Gray whales are swimming up California’s Central Coast. Here’s how to see them

Next time you’re on a coastal bluff, keep an eye out for a telltale puff of misty water in the ocean: It could be a gray whale surfacing to breathe.

The whales are currently in the middle of their northbound migration up to the Bering Sea, and they’re beginning to be spotted in greater numbers along the Central Coast.

PG&E meteorologist John Lindsey snapped some photos of a gray whale while he was operating a tour boat just north of the Diablo Canyon nuclear power plant on Tuesday.

“They look almost like sea serpents,” Lindsey said. He added that he and his group saw between 7 and 9 of the whales that day, mostly mothers and calves.

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PG&E meteorologist John Lindsey captured this photo of a gray whale near the Diablo Canyon power plant on Tuesday, March 19, 2019. John Lindsey

“Right now we’re seeing a lot of males and juveniles going north, and the moms and calves are a little slower,” said Tom Moylan, marine operations manager at the Cal Poly Pier.

Moylan said that mothers and calves are seen more often in April and May, and gray whales are generally not seen along the San Luis Obispo County coastline after May.

However, there are no hard-and-fast rules with whales.

“The thing with making these kinds of generalizations is that they’re just generalizations,” Moylan said. “The whales are going to do what they want to do.”

‘Energy conservation mode’

Gray whales are a little harder to spot than other types of whales, like humpback whales, Moylan said.

“They’re not performers like the humpbacks are,” Moylan said. “The grays are in energy conservation mode.”

You might see the whales when they surface to breathe, and their tails may also be visible as they dive back down into the water. But they don’t breach like humpback whales, which often leap out of the water when they come up to breathe.

“They’re just sort of being very efficient in their journey up north,” Moylan said.

Gray whales spend the witner in the lagoons of Baja California, Mexico, where they mate and give birth. Then they travel back up to their feeding grounds in the Arctic for the summer — swimming 3,000 miles each way, Moylan said.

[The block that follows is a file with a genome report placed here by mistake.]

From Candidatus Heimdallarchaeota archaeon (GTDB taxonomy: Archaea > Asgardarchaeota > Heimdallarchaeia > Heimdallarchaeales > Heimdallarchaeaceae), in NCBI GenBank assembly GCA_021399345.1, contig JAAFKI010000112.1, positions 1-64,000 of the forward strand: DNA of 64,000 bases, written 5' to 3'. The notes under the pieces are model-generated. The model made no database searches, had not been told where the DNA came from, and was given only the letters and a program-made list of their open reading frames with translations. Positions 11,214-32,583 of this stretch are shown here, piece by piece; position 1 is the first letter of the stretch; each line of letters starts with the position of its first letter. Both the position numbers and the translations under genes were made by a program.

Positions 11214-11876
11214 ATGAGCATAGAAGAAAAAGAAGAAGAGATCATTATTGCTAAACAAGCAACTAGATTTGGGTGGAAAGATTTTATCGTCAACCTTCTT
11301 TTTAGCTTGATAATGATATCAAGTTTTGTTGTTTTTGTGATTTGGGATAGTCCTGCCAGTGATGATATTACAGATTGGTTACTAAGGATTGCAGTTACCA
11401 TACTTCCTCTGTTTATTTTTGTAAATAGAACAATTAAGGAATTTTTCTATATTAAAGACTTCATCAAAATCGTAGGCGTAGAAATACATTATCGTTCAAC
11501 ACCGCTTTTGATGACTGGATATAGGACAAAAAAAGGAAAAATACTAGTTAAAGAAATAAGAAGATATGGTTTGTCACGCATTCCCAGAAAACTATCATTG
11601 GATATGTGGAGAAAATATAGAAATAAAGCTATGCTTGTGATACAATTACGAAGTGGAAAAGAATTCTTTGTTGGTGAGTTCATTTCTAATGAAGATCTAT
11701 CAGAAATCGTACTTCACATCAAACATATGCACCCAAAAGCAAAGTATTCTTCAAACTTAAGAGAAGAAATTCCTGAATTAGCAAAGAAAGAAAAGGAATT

“Southbounders tend to peak in early January, and northbounders peak probably sometime in April, and that can vary by weeks per season, too,” Moylan said. “Not every year is exactly the same.”

According to the American Cetacean Society’s Los Angeles chapter, which conducts a count of gray whales from Point Vicente, 1,155 gray whales have been seen traveling northbound from Dec. 1, 2018, to March 20, 2019. In that same time frame, the organization said they have counted 538 gray whales traveling southbound, including 24 calves.

How to look for them

If you’re watching for gray whales from the shore, you’ll be able to spot their blows, which happen when they push air out of their blowhole, creating a misty plume. You might even be able to spot a baby whale that way.

“If you see two blows and one is much smaller, that’s the calf,” Moylan said. “You’ll see the mom come up and blow and then a little tiny puff,”

The best place to view them on land is from a coastal bluff, preferably one that sticks out into the water a bit so the whales have to swim around it, Moylan said. The distance the whales travel from the shore can vary, but they tend to stay along the coastline.

“They’re not 50 miles offshore,” Moylan said. “A lot of them try to be efficient and swim the straightest line up the coast.”

Moylan recommended Montaña de Oro, Point Buchon Trail and Piedras Blancas Light Station as good viewing points, though access to Point Buchon and Piedras Blancas is restricted to certain days.

Lindsey also recommended Piedras Blancas and Windy Point on the Point Buchon Trail, as well as the Point San Luis Lighthouse.

“Those are the three primo areas to spot whales, from my experience,” Lindsey said.

“Go in the morning before the wind comes up, have a good pair of binoculars and sit in one spot and watch,” Moylan said, and on a good day a viewer can spot tens of blows along the coastline.

“If you want to go out a little closer, you have to go on a whale-watching boat in a place like Avila Beach or Morro Bay,” he added.

Moylan also said he’s sometimes observed mothers and babies taking a little bit of a rest in more protected waters, like bays. If people want to try to see that, he said the piers in Pismo Beach, Avila Beach and Cayucos are good places to go, though there are no guarantees.

“Just get out and see what’s on your coast,” Moylan said. “There are amazing opportunities. We’re blessed with a lot of open space, and it’s amazing if you go and watch what you will see.”

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Gabby Ferreira is a breaking news and general assignment reporter at The Tribune in San Luis Obispo. A native of Houston, Texas, she was a reporter in Tucson, Arizona; Indianapolis, Indiana; and Palm Springs, California, before moving to San Luis Obispo County in 2016.